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Modelling the Conditional Variance and Asymmetric Response to Past Shocks in the Malaysian Bond Market

Autor:   •  October 14, 2018  •  Thesis  •  8,398 Words (34 Pages)  •  230 Views

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1.0 Article 1:

Modelling the Conditional Variance and Asymmetric Response to past shocks in the Malaysian Bond Market

1.1 Introduction of Article 1        

The journal entitled of the “Modelling the Conditional Variance and Asymmetric Response to past shocks in the Malaysian Bond Market” that was researched and written by the three authors who are Maya Puspa Rahman, Mohd Azmi Omar and Salina Hj. Kasim that were publishes on 2015 is primarily discussed the notions on the credit spreads analysis that mainly been utilised to modelling the risk and volatility of corporate bonds. It had been executed, researched and conducted in Malaysia. Credit spreads can be appropriately defined as the difference of yield between the treasury bonds and another debt security with equal maturity but of a lesser quality. In addition to this, the credit spread also being examined by modelling the conditional variance and asymmetric response to past shocks of the long and short term investment and the non-investment grade papers.

The article is mainly discussed on the bond perspective but nevertheless it is primarily focused on the Malaysian conventional bond market. This conducted study also had been significantly relied on the findings of Rahman et al whom examined the sukuk market in Malaysia   which mainly had been based on the GARCH modelling. Not to mention, it also highlights on the movement of the risk-free rates and the direction of the future short-term rate are the most significant and relevant variables that influencing the variation and heterogeneity of in sukuk spreads for both the investment and non-investment grades of long-term sukuk.  In this context, the investment grades are referring as the quality of the company’s credit. Hence, in order for the company to be regarded as an investment grade issue, the particular company must be rated at ‘BBB’ or higher by Standard and Poor. Thus, if the company had been rated below the ‘BBB’ rating, the company is considered as non-investment grade.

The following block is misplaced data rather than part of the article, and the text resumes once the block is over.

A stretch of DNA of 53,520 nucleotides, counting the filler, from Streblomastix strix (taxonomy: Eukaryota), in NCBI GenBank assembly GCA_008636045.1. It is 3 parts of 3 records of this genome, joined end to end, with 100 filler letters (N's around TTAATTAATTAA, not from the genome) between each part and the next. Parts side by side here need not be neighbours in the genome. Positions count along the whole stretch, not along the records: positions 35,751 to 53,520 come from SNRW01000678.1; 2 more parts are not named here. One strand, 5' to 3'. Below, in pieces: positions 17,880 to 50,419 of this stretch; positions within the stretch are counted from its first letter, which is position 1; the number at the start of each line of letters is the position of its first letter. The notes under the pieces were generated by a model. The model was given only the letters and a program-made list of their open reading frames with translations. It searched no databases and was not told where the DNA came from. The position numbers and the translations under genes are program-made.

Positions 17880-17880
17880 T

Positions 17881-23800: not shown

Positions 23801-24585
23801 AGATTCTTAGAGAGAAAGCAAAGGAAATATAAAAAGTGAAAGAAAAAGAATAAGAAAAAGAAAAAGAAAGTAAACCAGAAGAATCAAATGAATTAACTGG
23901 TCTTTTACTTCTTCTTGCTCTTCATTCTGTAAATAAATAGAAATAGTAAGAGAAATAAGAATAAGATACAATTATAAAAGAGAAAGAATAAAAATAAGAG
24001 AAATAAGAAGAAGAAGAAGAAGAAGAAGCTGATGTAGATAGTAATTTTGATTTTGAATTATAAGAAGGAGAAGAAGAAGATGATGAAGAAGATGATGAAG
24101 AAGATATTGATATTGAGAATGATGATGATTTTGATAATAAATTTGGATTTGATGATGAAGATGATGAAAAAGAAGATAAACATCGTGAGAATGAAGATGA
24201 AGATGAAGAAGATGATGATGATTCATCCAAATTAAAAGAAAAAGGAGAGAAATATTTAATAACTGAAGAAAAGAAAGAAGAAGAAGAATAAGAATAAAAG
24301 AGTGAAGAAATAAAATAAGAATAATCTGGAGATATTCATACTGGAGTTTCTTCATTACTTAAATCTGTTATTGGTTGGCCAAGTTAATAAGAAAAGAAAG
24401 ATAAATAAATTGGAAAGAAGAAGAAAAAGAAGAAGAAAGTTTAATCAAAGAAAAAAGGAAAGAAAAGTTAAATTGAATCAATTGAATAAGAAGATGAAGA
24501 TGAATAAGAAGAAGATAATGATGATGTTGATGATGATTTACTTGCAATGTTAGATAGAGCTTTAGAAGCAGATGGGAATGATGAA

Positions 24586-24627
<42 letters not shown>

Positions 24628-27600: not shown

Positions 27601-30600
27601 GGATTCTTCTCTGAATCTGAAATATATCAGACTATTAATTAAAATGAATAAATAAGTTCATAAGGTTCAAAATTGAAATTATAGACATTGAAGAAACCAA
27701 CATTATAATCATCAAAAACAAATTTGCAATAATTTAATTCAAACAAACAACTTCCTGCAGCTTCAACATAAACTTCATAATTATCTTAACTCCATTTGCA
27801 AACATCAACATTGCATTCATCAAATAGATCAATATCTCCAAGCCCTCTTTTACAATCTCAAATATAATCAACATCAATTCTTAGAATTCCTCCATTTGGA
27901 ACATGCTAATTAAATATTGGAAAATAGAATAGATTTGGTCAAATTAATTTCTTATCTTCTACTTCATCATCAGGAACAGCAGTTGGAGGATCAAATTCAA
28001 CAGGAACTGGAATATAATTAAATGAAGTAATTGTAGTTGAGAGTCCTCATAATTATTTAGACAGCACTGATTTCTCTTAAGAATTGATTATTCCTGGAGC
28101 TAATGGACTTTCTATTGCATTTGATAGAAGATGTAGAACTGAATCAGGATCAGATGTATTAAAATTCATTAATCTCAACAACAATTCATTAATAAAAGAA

As the study also had mainly focusing on the credit spread and bond spreads, it had stated that various factors that had influence the variation in bond spreads can be analysed through the mean equation and spread volatility can be analysed through variance equation. In addition to this, bond spread here means the difference between the yields of two bonds with different credit rating. Whilst, spread volatility can be defined as fluctuation between the bid and the ask price of a security of an asset.

1.2 Summary of Article 1

The journal is specifically discussed on the credit spread analysis that had been undertaken to practice modelling the risk and volatility or corporate bonds.  The aforementioned practice is relevant in bond pricing as well as the risk management. Initially, the credit spread can be widely known as the difference of yield between the treasury bonds and another debt security with equal maturity but of a lesser quality. The articles also examine the credit spreads of the Malaysian bond market. In this context, the examining process can be done by modelling or creating the conditional variance asymmetric response to past shocks of the long and short term investment and non-investment grade papers. The terminology of short-term investment and non-investment grade paper here can be comprehended as the quality of the company’s credit. If the company wanted to achieve the recognition as an investment grade issue, the company must be rated as ‘BBB’ or higher by Standard and Poor. In addition to this, if the company rated as ‘BBB’, the company would be listed as non-investment grade.

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